Why dairy farmers should pick proven beef sires

Using proven beef sires over dairy cows adds value to surplus calves, AgFirst Agribusiness Consultant Bob Thomson writes.

Until recently, beef sire selection has largely been based on estimations and guesswork but that has now changed with the advent of the Dairy Beef Progeny Test Scheme, introduced in 2015.

Over the last eight years, 180 beef sires have been entered into the scheme by beef breeders who have selected their bulls based on their belief they will rank above others.

Each bull is mated to a representative group of mixed-age Kiwi-cross dairy cows by artificial insemination (AI) under the supervision of Massey University geneticists who are also responsible for independently processing and reporting the results.

The value of the Dairy Beef Progeny Test has not been well promoted and therefore dairy and beef farmers can be forgiven for not having heard about it.

While the scheme contains rich veins of valuable genetic information there remains the challenge as to how to better connect dairy farmers with beef farmers as the value of calves is often lost at the saleyards.

From a dairy farmer’s perspective, the value of a beef sire is determined by easy calving, the effect of the beef sire on gestation length, the length of time the offspring take to reach weaning, and how attractive the offspring are to potential purchasers.

The price of the beef sire is also a major consideration and consequently, beef sire performance is often compromised with ‘cheap and cheerful’ purchases which in turn devalues their progeny.

Without a doubt, there will be a requirement to rear surplus dairy calves beyond a week of age and many are now of the strong view that a ‘useful life’ will extend across the animal’s first summer and winter to at least a year of age.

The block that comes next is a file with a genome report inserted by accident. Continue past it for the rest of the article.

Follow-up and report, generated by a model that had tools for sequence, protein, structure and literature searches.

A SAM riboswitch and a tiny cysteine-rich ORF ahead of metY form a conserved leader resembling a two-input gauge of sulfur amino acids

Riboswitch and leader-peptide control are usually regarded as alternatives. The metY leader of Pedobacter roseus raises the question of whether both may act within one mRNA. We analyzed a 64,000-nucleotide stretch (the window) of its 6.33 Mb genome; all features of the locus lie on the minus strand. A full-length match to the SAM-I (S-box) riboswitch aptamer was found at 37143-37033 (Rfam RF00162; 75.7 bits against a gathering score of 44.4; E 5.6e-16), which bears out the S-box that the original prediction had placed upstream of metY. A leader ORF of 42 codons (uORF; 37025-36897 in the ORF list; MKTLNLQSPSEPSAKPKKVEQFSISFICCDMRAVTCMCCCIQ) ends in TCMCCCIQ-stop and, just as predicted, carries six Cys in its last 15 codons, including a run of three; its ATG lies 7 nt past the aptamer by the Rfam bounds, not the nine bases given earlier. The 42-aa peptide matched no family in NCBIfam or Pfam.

The value of the beef-sired dairy calf will therefore need to afford the beef farmer a fast-growing finishing animal with proof of performance.

The best of the beef sires, as identified and proven within the Dairy Beef Progeny Test, provide the best value propositions by far.

There is no guesswork, and the scheme provides a continuous improvement model whereby each year up to 20 new sires are introduced for testing.

No other programme provides the necessary detail, especially in relation to dairy farmer requirements around calving ease, gestation length, and days (cost) to reach weaning weight.

The scheme also provides growth and carcase information essential for the beef finisher.

There are a couple of snags, and one is related to the fact that the best beef bulls are in a straw, just the same as the best dairy sires are also in a straw.

Historically the challenges of manual heat detection have been a ‘showstopper’ but that has now changed, and the solution is with electronic ‘wearables’, and the associated hardware.

One of the major advantages of the technology is its ability to take the hard slog out of extending AI.

It takes away the onus for manual heat detection, reduces the fatigue factor and frees more experienced people in the team.

The second snag is with the beef finisher who much prefers to buy a 200kg weaner in autumn rather than a 100kg weaner in spring.

There are solutions but each of these requires more investment in labour and additional supplementary feeds.

Given that surplus dairy calves are the dairy farmer’s problem, there is the possibility that the dairy farmer takes on this responsibility by rearing the calves themselves.

A quick Farmax dairy modelling exercise indicated the dairy herd would need to be reduced by 15% to accommodate the calves and so the purchase of a specialty calf-rearing block may be a better alternative.

Whatever decision, beef finishers have a strong preference for the bigger and older autumn weaner.

Also, when breeding high genetic merit beef-sired dairy calves a strong link through to beef finishers who know and appreciate the positive and profitable difference is needed.


  1. Beef sires that are not performance-recorded should not be purchased and Group Breedplan is the recognised performance recording scheme in NZ. Herds recorded on Group Breedplan are genetically linked within each breed and therefore once you’ve found a high-performance herd you can select sires for purpose with confidence.
  2. Some beef breeds have Group Breedplan-generated Dairy Beef Indexes, others have Terminal Sire Indexes, and these are very useful guides. Unfortunately, with Group Breedplan, there is no multi-breed analysis so you cannot compare one breed against another.